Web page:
Religious Houses of Medieval Lincolnshire
speaker this month was our popular member Brian Jones, who was
giving his talk entitled “The Religious Houses of Medieval
Lincolnshire” Part 2, a continuation of the talk originally
given over 2 years ago.
Brian explained the many changes taking place from the early years
between 600 – 700, when the Danes invaded Lincolnshire and
gradually altered every Religious House by 870,followed by the
Saxons who then took over, until in 1066 the Normans changed the
face of Religion for the next 500 years.
Lincolnshire alone had 120 Monastic sites, including 15 Abbeys;
35 Priories; 13 Alien Priories; 23 Hospitals [hospitality sites];
17 Friaries; 4 Colleges and 2 Cells, all having a specific roll
to play. The various Abbeys were ‘Closed Orders’,
the monks were not allowed to leave once they had taken their
vows. The Priories, always positioned outside the confines of
the towns were able to give food and shelter to travellers who
arrived after the town gates had shut for the night, and were
also responsible for managing and directing the financial affairs
of their particular order. The Friars went about within the local
community, giving care where needed and preaching for donations,
they ‘took the message’ to the local community. Colleges
There were a large number of different Monastic denominations
including Cistercians [White ], Franciscans [Grey] Augustinians,
Carmelites, Dominicans, Benedictines etc. all originating mainly
from France or other parts of Europe. The only English Order in
Lincolnshire were the Gilbertines at Sempringham Church.
Some of the Orders were very wealthy indeed. The Cistercians,
based to the west of the county in the sheep rearing countryside,
sent vast quantities of wool to the continent and with the money
raised from the wool trade built many beautiful buildings. Boston,
being a sea port also had great wealth from trade of varying kinds,
while Stamford, situated on the River Welland and also on the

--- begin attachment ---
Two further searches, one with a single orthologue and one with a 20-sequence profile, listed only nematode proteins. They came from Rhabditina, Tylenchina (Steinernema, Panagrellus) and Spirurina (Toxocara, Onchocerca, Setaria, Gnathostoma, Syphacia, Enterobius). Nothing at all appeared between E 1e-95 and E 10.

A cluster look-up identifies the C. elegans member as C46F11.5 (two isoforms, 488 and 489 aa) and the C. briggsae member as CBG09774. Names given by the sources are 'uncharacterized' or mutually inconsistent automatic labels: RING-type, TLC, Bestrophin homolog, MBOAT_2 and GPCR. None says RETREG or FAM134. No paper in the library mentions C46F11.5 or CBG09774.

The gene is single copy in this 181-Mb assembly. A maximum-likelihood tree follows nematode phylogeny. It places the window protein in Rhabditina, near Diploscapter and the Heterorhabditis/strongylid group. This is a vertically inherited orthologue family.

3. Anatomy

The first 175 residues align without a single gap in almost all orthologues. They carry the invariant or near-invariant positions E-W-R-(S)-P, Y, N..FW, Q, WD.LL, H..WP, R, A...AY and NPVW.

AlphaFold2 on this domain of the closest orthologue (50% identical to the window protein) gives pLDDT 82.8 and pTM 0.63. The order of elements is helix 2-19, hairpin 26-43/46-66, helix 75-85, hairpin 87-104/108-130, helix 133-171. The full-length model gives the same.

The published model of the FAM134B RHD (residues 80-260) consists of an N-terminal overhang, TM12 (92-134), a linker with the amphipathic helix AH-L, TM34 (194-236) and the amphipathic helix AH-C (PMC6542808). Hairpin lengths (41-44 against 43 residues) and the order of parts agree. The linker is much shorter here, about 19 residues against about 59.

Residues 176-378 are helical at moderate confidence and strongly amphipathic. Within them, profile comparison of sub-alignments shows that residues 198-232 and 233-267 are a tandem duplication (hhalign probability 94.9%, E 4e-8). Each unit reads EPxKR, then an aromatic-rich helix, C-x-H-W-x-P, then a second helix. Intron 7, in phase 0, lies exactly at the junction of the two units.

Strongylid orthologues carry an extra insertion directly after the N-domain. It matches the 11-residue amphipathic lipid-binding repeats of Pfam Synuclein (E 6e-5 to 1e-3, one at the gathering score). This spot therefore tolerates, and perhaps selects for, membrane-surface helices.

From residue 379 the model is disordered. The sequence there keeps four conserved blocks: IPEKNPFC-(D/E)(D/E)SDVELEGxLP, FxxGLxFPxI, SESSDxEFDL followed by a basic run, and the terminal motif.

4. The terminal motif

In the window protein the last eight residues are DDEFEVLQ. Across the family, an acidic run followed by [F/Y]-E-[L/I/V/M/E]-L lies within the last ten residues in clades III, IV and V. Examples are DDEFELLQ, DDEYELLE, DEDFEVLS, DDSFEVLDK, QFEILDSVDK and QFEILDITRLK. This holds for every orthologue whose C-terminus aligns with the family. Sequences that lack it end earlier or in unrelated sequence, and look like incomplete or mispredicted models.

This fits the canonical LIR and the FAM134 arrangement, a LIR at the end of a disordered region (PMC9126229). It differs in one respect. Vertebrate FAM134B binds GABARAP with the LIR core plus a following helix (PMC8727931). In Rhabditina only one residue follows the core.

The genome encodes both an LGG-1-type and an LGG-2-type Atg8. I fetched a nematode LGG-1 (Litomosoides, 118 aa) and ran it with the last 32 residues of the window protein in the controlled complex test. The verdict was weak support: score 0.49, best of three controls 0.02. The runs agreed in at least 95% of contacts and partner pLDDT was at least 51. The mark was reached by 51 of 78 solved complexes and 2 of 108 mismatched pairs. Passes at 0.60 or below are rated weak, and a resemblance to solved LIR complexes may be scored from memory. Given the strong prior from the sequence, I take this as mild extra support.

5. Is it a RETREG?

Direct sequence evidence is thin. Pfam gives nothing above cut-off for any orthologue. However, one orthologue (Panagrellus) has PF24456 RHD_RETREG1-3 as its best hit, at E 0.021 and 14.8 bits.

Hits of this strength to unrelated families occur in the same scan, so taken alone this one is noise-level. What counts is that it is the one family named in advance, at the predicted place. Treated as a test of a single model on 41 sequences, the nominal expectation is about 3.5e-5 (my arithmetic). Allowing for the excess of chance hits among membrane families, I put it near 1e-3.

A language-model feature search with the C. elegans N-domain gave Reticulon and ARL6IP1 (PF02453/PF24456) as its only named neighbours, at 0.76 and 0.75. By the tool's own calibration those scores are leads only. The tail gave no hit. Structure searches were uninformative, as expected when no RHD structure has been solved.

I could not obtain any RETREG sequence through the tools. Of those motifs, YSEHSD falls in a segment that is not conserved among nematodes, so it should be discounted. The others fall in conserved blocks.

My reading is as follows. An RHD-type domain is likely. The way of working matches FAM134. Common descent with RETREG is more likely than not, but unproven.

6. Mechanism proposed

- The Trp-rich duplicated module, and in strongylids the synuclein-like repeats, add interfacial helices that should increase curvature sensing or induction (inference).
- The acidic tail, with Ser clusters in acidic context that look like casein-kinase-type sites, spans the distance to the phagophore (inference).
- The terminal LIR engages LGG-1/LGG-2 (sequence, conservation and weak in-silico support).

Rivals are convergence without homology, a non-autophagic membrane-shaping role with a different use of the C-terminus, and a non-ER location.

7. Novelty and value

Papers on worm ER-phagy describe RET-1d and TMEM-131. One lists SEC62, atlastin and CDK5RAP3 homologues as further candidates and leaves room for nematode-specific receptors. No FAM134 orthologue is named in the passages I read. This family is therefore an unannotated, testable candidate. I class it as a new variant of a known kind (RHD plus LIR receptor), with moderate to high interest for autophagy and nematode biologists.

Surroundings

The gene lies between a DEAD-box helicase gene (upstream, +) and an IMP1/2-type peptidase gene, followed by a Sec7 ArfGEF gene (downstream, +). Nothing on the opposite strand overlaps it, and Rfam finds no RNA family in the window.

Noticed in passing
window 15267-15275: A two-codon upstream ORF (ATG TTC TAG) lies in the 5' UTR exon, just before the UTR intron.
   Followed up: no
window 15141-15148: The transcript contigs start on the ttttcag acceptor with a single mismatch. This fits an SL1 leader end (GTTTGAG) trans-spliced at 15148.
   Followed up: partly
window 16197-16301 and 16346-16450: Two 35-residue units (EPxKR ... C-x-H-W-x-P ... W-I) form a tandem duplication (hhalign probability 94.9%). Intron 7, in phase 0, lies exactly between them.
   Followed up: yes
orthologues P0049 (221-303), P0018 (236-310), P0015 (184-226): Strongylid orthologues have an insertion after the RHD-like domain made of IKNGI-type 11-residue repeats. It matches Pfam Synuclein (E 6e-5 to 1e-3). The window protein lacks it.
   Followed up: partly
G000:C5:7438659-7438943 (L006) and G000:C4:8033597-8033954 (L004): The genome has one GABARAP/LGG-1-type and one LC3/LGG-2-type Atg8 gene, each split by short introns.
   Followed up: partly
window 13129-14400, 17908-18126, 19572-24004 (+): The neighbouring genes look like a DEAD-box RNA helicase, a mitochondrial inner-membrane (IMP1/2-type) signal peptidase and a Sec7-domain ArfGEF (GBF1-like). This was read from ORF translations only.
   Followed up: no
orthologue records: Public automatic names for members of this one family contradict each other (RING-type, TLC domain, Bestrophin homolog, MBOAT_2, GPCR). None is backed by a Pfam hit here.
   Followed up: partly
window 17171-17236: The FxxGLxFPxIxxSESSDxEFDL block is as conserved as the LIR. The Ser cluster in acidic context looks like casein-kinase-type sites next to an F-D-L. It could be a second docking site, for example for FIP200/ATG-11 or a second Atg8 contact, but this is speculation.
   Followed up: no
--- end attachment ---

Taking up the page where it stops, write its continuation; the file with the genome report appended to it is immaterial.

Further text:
Roman road linking the east coast to the Midlands had further
trading opportunities with Calais, and other European ports.
Lincoln, being a land-locked City, needed to find other ways to
raise money for its Religious Houses. Lincoln Cathedral was not
monastic, it was purely a place of worship.
The Gilbertines at Sempringham Church were finally recognised
in 1165 and were paid by King Henry II to take in eight Welch
princesses and keep them secure, to prevent any chance of a Welch
uprising against his rule. Princess Gwladys became a nun there
and the presence of the others is documented by their headstones
to the side of the church.
Other ways of raising money included paying for Absolution by
endowing a church!! Raising tolls on Causeways to upkeep the causeways
and keep the change!! Preaching ‘The word’ to the
masses and encouraging donations for ‘blessings’ and
for sins forgiven etc.
During the 1300’s there was great prosperity in the country,
but the wealth declined during the 1400’s . Many towns and
cities were ravaged by fires and the wooden buildings were lost.
in the 14th Century, due to the plague and the shrinkage of monastic
life other buildings fell into disrepair and were ‘re-cycled’
by the local population, so very few remain to-day. Crowland Abbey
was the only one ‘re-founded’ and was the main power
base in Lincolnshire.